Back to school: A peek inside some cool classrooms
We asked some local teachers to describe the most exciting new thing they’re trying in the classroom this year. Here are a few fun submissions. Stay tuned for more later this week. And if you’re a teacher with a cool project to share, write to email@example.com.
No more ‘public
With the ever-increasing popularity of iPads, this school year it is my goal to use them for presentations across our third-grade curriculum. The beautiful thing about students presenting their research orknowledge about a given topic via iPads is that it allows them to thoroughly express themselves as individuals while avoiding those “public speaking butterflies” we’ve all felt as former students ourselves.
After having tried iPad presentations last year with my students for our wetlands unit, I can confidently say that the results were magnificent. Students found a sort of comfort in the use of the iPad as both a visual and auditory aid. When my students used the iPads in this manner, the majority of them were far more assertive and articulate with their ideas – whereas with the in-person (public speaking) presentations the majority were more apprehensive in front of their peers, especially in the beginning. In order to establish levels of comfort, students have to be given the correct tools to be successful. The iPad is a vehicle to help do just that. Comfort equals confidence, and once confidence is established we as educators can then scaffold as necessary in order to continue to build that confidence.
When students have the opportunity to listen to themselves on their individual iPads, (a kind of auditory proofread), they have the opportunity to be that much more successful.
ZACHARY CARY (MR.. Z)
Third-grad teacher, Abbot-Downing School, Concord
An American in
the modern world
Sometimes, history teachers become so glued to their curricula that they chase the timeline to that elusively acceptable finish line. The standard question is “How far does your course go?” or “Which event/era do you get up to?” However, the focus should be less concerned with what content is covered and more concerned with “Why does this story matter to me?” In a digital world, students can study these stories whenever they choose with the simple push of a button or voice command. The real key to teaching history is to teach the students to interpret and connect the stories to each other in order to see the present in different ways.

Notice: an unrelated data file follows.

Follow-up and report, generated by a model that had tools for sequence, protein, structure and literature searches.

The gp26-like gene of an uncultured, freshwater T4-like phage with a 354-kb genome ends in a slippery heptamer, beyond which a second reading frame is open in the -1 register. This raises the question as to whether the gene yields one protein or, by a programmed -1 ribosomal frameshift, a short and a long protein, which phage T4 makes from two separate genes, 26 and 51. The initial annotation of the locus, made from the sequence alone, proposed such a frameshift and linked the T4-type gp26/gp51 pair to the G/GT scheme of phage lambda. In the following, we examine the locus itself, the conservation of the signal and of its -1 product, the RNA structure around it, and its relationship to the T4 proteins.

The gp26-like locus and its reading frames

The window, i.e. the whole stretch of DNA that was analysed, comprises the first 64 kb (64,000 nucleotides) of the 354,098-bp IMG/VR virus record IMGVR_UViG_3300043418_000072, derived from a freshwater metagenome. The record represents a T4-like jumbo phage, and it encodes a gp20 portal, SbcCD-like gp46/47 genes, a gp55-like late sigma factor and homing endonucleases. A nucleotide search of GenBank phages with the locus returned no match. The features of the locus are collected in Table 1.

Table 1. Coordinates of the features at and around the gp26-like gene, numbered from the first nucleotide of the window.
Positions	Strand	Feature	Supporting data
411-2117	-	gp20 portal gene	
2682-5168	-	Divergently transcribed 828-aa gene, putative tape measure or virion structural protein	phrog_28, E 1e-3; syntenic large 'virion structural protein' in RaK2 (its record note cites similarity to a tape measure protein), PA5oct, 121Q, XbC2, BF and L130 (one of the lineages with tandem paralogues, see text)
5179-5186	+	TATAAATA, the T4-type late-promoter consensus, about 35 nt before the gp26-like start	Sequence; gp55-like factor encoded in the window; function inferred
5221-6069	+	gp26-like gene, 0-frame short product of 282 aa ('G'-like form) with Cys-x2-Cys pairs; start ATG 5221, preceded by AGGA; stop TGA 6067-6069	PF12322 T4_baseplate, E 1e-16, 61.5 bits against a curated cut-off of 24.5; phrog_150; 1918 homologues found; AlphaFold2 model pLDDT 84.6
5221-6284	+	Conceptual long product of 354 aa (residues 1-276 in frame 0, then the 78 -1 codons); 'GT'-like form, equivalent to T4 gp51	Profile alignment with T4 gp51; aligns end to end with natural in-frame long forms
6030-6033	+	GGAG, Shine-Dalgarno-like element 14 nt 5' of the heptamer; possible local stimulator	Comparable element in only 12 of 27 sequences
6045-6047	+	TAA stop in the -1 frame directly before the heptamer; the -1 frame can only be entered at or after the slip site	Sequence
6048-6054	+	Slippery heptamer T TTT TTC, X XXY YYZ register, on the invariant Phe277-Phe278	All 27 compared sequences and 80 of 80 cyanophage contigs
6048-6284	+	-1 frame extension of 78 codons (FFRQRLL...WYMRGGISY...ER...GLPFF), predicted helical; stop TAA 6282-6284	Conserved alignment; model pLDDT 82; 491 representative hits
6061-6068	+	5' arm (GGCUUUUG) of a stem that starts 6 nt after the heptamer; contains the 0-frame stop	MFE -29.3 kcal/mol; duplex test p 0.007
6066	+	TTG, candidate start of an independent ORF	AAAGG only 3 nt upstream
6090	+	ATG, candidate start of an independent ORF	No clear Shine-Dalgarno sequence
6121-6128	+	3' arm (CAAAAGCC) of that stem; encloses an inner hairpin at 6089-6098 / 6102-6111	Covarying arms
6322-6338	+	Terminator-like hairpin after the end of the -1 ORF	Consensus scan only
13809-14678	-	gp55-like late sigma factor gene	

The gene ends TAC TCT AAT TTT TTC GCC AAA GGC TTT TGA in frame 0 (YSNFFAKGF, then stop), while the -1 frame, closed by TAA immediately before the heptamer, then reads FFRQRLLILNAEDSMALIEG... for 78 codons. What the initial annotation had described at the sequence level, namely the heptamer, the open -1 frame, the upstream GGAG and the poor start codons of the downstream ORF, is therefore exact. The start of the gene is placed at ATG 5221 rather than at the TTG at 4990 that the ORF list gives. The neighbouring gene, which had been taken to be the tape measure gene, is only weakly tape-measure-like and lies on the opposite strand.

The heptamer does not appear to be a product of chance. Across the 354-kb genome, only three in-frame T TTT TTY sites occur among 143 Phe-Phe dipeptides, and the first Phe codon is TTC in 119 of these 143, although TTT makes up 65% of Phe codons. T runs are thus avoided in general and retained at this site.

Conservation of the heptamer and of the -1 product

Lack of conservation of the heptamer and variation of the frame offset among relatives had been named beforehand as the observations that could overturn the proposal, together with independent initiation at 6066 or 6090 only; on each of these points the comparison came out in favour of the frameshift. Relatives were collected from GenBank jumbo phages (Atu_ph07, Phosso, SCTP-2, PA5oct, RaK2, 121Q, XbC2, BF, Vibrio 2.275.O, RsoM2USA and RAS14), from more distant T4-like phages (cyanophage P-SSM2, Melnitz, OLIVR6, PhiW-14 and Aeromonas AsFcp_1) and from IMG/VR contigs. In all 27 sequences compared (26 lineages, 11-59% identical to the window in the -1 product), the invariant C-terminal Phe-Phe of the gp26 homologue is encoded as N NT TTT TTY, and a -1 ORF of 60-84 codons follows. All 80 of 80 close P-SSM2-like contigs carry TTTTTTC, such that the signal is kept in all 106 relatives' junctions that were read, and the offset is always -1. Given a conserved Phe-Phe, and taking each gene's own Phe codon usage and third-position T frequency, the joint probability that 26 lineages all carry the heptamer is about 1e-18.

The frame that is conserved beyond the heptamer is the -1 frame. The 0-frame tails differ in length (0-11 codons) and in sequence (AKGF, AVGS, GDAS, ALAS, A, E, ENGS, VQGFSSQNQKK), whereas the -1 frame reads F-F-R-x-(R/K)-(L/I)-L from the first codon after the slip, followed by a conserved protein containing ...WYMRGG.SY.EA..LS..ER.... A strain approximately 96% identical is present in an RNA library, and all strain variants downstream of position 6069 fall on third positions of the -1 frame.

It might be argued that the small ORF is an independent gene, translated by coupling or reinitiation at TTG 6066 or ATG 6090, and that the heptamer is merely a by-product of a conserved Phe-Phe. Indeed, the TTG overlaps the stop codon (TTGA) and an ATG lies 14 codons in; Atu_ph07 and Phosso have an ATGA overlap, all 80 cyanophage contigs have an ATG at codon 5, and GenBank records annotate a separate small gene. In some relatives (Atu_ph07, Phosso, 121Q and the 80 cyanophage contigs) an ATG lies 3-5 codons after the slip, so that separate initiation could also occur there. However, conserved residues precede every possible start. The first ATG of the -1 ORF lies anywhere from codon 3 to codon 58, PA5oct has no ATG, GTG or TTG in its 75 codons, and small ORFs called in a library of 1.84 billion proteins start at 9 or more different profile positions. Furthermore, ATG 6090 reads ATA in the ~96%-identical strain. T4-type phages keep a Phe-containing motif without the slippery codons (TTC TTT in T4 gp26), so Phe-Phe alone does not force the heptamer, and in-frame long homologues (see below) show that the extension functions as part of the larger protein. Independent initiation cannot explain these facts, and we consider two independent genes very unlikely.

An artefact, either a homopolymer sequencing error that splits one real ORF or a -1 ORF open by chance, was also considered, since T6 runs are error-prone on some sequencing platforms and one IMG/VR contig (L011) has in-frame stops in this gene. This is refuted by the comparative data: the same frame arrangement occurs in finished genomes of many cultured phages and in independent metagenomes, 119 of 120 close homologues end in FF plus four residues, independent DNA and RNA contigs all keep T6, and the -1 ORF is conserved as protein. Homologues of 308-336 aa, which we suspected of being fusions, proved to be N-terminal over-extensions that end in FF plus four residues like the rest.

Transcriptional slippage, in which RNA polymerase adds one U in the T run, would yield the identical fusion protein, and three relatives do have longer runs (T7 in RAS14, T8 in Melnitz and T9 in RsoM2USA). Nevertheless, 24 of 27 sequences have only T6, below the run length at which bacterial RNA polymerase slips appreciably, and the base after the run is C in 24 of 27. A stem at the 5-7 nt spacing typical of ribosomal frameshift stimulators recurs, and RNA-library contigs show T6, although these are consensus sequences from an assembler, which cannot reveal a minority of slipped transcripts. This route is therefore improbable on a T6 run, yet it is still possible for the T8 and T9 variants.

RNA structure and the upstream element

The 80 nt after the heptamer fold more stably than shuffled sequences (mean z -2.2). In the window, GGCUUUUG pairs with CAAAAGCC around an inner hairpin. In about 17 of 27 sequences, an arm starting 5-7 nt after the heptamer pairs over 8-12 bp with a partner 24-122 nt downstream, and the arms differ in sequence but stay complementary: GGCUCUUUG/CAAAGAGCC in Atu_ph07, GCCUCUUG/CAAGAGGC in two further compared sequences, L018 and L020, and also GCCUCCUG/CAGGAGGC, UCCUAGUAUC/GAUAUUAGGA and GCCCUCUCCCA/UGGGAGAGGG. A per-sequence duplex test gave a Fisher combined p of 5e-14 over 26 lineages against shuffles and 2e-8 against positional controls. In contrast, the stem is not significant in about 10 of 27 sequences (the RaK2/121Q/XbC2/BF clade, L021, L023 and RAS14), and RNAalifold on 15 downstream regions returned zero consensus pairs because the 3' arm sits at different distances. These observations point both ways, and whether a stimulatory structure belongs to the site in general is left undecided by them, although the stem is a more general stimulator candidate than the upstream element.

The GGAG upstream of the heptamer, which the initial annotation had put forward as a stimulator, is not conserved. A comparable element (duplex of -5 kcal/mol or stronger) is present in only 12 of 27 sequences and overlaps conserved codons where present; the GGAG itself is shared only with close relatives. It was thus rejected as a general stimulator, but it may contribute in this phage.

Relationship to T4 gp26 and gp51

At the beginning of my history courses, I present my students with an over-arching essential question that they will answer at the end of the year. For example, my U.S. history juniors will be asked, “What does it mean to be an American in the modern world?” We’ll spend some time exploring that question at the beginning of the course, and they will keep re-evaluating their answers as the course continues. At the end of the year, each student will present his or her answer and use specific historical references to support their argument. They will play teacher and will use all of the tricks of the trade (including technological know-how) that they have observed and practiced all year to present their lesson to their classmates. What better way to show a true and genuine understanding of the subject than to formulate your own lesson and teach it to others?
World and U.S. history teacher, grades 10 and 11
Bishop Brady High School, Concord
They’ll be getting
their hands dirty
Abbot-Downing students of all grades will be getting their hands dirty this school year as they engage in a school-wide gardening project made possible by a grant I received from Whole Foods Market.
My fourth-graders, in particular, will integrate their reading, math, science and social studies knowledge with our garden project. They will be packing their iPads and bringing them to a local community garden to interview master gardeners, calculate areas of gardens, identify “good” and “bad” plant bugs, and compare and contrast today’s gardens with those in colonial times.
It is quite possible that you will hear Abbot-Downing students singing about fresh veggies or drawing the most delicious-looking garden salad as our music teacher, Ann Junkin, and our art teacher, Nate Shartar-Howe, work to integrate the garden project into their disciplines, as well. If you see students around Concord with dirt under their nails and spinach in their teeth, make sure you ask them about how their garden project is going as they step outside the classroom and connect with the Earth in a meaningful way.
Fourth-grade teacher, Abbot-Downing School, Concord
Cell phones are more than just contraband
There are two things that I am eager to do this year. One is a new unit comparing and contrasting a written story to a performed version of that story. So much happens switching between media; I want students to understand what happens when a shift is made from what our mind creates while reading and what the senses observe while viewing a performance.
Another thing I am excited to try is finding a way to make the everyday technology of cell phones useful in the classrooms. Just about every student has a cellphone. Usually schools see them as contraband. Rather than continue that limitation, I want to investigate how my students can use them as a tool in the learning process.
Eighth-grade language arts teacher
Rundlett Middle School, Concord